As the UK population ages, the rights of unpaid carers is a growing concern. With over 5 million unpaid carers in the UK,  many individuals are having to balance paid work with their caring responsibilities – so what are the rights of unpaid carers in the UK?

Existing employment rights for carers

  1. Dependants leave

In the UK, employees are entitled to dependants leave. This allows employees a “reasonable” amount of time off to be able to deal with an emergency involving a dependant.

There is no set amount of time off for dependants leave- what is considered to be a reasonable will be determined by the employer.

  1. The right to request flexible working

Since 2014, all employees who have worked for the same employer continuously for the last 26 weeks have a right to request flexible working. Flexible working allows employees to work in a way that suits their needs. This may include, working part time, working from home, job sharing or working compressed hours.

Whilst employees have a right to request flexible working, there is no guarantee that employers will accept such a request. An employer is able to refuse a request if they have a good business reason for doing so.

  1. Unpaid parental leave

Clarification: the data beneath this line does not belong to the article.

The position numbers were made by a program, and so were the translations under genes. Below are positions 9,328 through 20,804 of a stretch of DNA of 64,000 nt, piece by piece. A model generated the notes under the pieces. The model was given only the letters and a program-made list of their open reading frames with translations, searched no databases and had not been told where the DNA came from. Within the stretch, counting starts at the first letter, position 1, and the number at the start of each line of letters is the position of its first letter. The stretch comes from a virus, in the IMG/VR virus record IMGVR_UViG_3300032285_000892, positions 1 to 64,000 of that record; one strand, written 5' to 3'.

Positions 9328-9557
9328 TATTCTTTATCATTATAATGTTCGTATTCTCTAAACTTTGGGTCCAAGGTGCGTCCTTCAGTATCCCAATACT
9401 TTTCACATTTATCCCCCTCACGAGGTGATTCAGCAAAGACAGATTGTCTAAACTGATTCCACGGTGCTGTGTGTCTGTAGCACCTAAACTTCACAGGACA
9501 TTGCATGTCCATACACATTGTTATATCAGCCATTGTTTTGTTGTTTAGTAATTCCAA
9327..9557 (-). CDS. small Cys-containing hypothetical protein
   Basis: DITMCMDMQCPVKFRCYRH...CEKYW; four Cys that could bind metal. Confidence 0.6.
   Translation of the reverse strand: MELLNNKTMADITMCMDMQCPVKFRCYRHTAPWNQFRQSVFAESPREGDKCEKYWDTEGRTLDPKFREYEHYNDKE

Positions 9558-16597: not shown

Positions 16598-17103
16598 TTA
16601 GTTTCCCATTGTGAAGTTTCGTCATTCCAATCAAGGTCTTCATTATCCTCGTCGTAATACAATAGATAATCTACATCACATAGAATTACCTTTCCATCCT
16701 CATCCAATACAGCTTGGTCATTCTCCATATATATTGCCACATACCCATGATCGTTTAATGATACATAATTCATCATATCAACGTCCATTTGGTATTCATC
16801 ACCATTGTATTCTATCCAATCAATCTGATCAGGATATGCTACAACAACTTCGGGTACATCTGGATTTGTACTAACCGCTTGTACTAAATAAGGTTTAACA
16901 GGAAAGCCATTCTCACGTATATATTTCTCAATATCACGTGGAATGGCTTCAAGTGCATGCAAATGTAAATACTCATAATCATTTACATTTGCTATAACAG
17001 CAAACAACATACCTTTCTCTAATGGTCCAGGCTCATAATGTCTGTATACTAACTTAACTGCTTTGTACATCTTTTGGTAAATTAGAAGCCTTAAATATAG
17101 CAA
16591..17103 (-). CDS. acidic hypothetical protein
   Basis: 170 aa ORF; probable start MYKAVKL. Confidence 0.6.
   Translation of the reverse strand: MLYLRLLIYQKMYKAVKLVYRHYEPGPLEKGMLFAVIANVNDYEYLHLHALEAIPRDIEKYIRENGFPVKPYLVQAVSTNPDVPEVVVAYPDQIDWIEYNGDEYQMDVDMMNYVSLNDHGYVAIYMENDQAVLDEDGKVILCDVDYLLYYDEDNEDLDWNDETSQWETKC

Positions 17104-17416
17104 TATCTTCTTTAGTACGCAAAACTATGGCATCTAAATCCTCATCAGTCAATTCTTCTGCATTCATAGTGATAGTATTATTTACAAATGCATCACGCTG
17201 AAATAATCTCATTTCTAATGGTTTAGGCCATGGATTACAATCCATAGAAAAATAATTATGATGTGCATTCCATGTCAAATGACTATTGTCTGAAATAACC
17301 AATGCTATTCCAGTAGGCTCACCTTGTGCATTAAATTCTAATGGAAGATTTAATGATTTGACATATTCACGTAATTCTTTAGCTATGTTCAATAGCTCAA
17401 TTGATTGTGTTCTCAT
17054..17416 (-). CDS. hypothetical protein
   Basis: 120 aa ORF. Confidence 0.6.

This allows parents a period of up to 4 weeks of unpaid leave during each year to allow them to spend time with their children.

  1. Statutory leave

All workers and employees are entitled to 5.6 weeks’ paid holiday per year.

The Government’s Consultation

Juggling paid work and unpaid care can have adverse employment consequences as well as a detrimental effect on health and wellbeing. As a result of the challenges faced by carers, the government launched a consultation earlier this year. The consultation focuses on supporting carers in their employment and caring responsibilities.

One proposal is to introduce a statutory entitlement to cares leave. Carers would be entitled to one week of unpaid leave each year. This would allow them to provide care during their normal working hours and would enable employers to reduce staff turnover as a result of carers leaving the labour market.

The consultation also looked at:

  1. Who would be eligible to take the new leave?
  2. What leave could be taken?
  3. How can the leave be taken?
  4. How could the request for leave be made?
  5. What would be the impact on both employers and employees?

Victoria Tallis, Paralegal

4 September 2020

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